creativity blocks, metaphysics and individuality

in our last conversation about creativity, jeremy from PsyBlogs talks about the difference between “chaotic” and “ordered” creatives and then moves on to discuss creative blocks.

recently, i came across a doctoral thesis in divinity that talks about the connection between chaos, creativity and spirituality. kurt sander from northern kentucky university points out the important nature of “failure” among creatives. “we must acknowledge that the understanding of a composer’s identity is incomplete if one looks only at masterpieces.” he goes on to say that most creative blocks do not stem from a lack of ideas but from an inability to manifest those ideas. ideas are trapped in the creator’s mind and cannot come out.

according to sander, to make sense of creative chaos, one must find a way to say ‘no’ to individual ideas, “not only to expedite the compositional process, but also to maintain a work’s cohesiveness.”

how to do that? he quotes one of my favourite composers, john taveneran icon, who says, “we live in an age when man has lost belief not only in god, but also in himself. metaphysics has been completely split from the world of the imagination.”

sanders suggests, then, that the way out of chaos is to organize one’s creative process into “a quest for artistic perfection symbolizing the greater human quest for divine perfection.” sanders himself does that with the help of iconography, an ancient art form that de-emphasizes the individual creator’s ego and places art within the context of a greater good.

that is one point of view. let’s add another one – the great filmmaker fellini’s, as discussed by dr. john parris springer, an english professor and movie specialist. this point of view is also about chaos, creativity and creative blocks – but it takes a different, perhaps even the opposite tack. fellini solves his creative crisis by getting as intensely personal as he could possibly get.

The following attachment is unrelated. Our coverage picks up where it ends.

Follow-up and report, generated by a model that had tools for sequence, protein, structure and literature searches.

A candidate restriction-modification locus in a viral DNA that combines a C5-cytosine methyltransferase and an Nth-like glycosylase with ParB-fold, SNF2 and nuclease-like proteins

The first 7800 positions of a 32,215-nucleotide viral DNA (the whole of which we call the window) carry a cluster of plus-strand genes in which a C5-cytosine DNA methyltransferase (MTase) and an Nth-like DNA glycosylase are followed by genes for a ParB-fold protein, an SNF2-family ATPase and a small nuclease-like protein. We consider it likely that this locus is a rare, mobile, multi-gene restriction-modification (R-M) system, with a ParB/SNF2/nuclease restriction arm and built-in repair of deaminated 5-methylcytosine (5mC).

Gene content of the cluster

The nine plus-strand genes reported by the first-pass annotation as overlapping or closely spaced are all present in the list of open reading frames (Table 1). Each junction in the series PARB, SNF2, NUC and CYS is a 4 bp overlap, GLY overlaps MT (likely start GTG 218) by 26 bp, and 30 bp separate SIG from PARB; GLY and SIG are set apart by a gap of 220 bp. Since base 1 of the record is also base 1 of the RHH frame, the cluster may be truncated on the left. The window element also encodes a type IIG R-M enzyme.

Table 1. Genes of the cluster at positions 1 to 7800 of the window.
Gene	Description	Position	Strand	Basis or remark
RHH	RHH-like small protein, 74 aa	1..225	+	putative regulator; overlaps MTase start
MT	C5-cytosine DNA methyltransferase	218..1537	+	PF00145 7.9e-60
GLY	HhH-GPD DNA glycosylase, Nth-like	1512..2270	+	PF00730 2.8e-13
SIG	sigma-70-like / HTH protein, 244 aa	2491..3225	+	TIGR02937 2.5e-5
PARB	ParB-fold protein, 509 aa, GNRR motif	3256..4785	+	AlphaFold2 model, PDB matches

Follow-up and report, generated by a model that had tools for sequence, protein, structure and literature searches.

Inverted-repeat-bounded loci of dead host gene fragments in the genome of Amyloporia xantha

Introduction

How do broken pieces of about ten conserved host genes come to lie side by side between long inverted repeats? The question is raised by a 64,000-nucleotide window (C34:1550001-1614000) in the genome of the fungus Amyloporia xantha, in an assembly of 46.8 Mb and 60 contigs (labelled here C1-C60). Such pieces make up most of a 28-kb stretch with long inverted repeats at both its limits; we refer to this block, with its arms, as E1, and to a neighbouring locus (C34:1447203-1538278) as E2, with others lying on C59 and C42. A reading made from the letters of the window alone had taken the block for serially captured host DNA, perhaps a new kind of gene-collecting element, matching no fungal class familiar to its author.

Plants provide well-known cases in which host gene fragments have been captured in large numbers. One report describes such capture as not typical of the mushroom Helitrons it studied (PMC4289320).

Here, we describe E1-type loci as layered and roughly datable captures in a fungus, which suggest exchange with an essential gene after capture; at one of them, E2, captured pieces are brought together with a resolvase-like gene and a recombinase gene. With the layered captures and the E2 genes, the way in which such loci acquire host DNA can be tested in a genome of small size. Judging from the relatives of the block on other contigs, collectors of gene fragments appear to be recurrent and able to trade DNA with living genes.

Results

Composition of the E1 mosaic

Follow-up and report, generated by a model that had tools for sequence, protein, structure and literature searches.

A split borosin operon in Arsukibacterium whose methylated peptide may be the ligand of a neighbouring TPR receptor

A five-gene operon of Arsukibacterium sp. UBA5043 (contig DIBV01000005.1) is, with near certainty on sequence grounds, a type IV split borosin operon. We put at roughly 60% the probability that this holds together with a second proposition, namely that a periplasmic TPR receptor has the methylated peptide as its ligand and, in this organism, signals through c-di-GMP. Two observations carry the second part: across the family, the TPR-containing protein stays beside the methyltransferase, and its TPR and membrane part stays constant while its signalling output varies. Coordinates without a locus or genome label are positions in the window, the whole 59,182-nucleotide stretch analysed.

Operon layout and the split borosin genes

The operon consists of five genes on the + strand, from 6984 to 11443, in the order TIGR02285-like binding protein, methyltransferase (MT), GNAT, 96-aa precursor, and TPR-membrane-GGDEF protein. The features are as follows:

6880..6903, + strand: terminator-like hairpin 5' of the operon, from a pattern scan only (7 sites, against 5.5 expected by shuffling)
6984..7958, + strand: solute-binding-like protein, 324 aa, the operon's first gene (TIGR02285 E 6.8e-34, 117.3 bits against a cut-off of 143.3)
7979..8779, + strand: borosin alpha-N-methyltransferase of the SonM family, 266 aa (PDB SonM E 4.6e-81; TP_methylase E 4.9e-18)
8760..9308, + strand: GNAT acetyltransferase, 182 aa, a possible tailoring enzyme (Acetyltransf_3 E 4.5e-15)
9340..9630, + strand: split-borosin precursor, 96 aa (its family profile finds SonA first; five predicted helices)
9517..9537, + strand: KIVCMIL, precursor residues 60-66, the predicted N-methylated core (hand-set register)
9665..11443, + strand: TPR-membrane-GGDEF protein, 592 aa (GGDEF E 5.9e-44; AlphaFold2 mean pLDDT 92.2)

fellini had struggled for several years developing ideas and working on a script for the famous film . there was intense pressure to make a film that would top la dolce vita, an international sensation when it was released in 1960. fellini was suffering from the filmmaker’s equivalent of writer’s block, uncertain of his purpose and hesitant to commit to a particular narrative or aesthetic plan for the film.

fellini’s solution was to make a film about a movie director who is riddled with uncertainty and doubt – a character in the same dilemma as fellini himself. thus, 8½ is extremely personal and psychological (which led to accusations of self-indulgence by his critics.)

in 8 1/2, one critic – a sort of alter ego – follows fellini (portrayed by the character of guido) throughout the film, constantly throwing intellectual cold water over the project. the critic’s final pessimistic speech to guido is a plea to abandon the project:

“such a monstrous presumption to think that others could benefit from the squalid catalogue of your mistakes.”

however, 8½ ends on an uplifting, redemptive note. while sitting in his car listening to the critic, guido experiences a sudden epiphany that permits him to achieve a renewed sense of artistic purpose and personal commitment to his wife and friends. guido’s final declaration is, “life is a celebration! let’s live it together!”

at first glance, these two points of view on the creative crisis are very different. one emphasises moving away from the ego or individual to the greater good. the other moves deeply into the individual.

in the end, however, both make me think of buddhism. for example, delving into process is something that is advocated by insight or vipassana meditation. pema chodron speaks very eloquently about that. go inside. get to know yourself, that feeling, intimately.

at the same time, buddhism teaches non-dualism. we are all one, and part of the cessation of suffering is to experience ourselves as more than our tiny little individuality.

buddhism is also very much about detaching from the chaos of our thoughts – thoughts, for example, of failure, self-criticism, pressure to perform, uncertainty and lack of direction, and move towards a groundedness in nothing but the exclamation, “let’s live, together!”

(image by mharrsch)

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